Monday Morning News
With the US Federal Trade Commission suing Qualcomm for forcing Apple to use their modems in smartphones, Apple has now followed suit. There’s no dollar figure on how much Apple want out of Qualcomm, but the company claims Qualcomm has withheld $1 billion in payments that it owed due to Apple cooperating with the Korean Fair Trade Commission. Apple also alleges it has been “overcharged billions” by the company.
Under fire now from both the US FTC and Apple, Qualcomm’s response has been to discredit Apple’s claims. Qualcomm’s General Counsel Don Rosenberg released a statement saying that Apple’s claims of Qualcomm charging more than all other cellular patent licensors combined are baseless, with Apple also mischaracterising agreements and negotiations between the two companies.
Rumour has it Apple will be looking into a two-step Touch ID and facial recognition system for this year’s iPhone. Ming-Chi Kuo’s latest prediction stems from speculation that it’s likely Apple will switch to an OLED display with improved 3D Touch capabilities. Kuo also writes that Apple will eventually move entirely to facial recognition, but in lieu of that, will use a combination of both fingerprint and facial recognition tech.
Another rumour says Apple will be introducing a group FaceTime feature in iOS 11 later this year. According to sources for an Israeli site, up to five people will be able to participate on FaceTime group calls, and the overall iOS 11 update will be focused on social features such as iMessage and FaceTime.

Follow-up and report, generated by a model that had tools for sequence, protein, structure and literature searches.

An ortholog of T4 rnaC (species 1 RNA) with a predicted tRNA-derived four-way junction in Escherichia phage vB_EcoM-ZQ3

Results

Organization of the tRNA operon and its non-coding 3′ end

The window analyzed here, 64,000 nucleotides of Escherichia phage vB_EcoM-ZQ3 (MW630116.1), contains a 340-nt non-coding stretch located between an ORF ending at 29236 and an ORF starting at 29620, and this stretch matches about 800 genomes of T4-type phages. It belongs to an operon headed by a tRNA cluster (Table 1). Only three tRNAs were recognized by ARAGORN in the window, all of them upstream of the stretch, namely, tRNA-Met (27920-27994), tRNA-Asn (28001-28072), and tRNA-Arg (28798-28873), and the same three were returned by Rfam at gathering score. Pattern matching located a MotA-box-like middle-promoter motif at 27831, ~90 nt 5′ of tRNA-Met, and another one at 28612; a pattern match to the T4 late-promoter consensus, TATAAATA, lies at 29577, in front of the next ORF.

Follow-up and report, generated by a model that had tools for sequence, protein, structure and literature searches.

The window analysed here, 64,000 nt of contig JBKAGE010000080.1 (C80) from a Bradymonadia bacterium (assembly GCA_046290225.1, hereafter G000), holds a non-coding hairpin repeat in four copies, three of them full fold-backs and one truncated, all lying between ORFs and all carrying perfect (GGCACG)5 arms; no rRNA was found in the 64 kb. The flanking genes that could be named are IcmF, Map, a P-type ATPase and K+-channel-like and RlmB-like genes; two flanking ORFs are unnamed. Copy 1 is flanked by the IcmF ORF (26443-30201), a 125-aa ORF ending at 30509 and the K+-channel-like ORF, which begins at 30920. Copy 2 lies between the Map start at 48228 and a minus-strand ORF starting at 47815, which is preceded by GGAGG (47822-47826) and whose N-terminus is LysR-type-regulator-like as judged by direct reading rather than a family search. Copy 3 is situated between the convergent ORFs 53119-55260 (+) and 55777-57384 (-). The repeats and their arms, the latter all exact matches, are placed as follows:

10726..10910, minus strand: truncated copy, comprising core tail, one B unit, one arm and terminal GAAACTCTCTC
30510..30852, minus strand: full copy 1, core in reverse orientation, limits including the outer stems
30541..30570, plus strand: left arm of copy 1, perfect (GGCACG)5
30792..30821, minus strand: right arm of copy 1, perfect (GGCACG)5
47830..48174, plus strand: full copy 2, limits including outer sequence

9to5Mac has more from the rumour mill regarding possible iOS updates for this year. They say iOS 10.3 will potentially introduce a new “theatre” mode that will dim the screen brightness and silence all sounds, with possible iPad and Apple Pencil improvements. IOS 11, on the other hand, is expected to come with changes to Siri, a new dark mode, and maybe even some kind of camera/AR integration.
Apple’s R&D centre in Japan is on track for its planned March opening, with Japan’s Chief Cabinet Secretary has praised Apple for its new development saying it could lead other companies to do the same.
A report from an artist rights blog claims Apple pays almost double what Spotify does for streaming royalties. To be clear, we’re still talking about $0.00735 and $0.00437 per stream for Apple Music and Spotify respectively, but it’s interesting that Spotify’s royalties seem to have dropped from their 2015 figures, back when the company paid out $0.00521.
You can never have too many backups of data you intend to keep, and to that end, AppleInsider compares Time Machine, SuperDuper!, and Carbon Copy Cloner for making local backups of your data and even your entire computer.
Macworld’s Dan Moren says a touchscreen Mac could make sense, if Apple went about it the right way. Just like docked iPads currently live in this dichotomy the touchscreen and physical keyboard worlds, it’s possible the Mac could go down a similar path.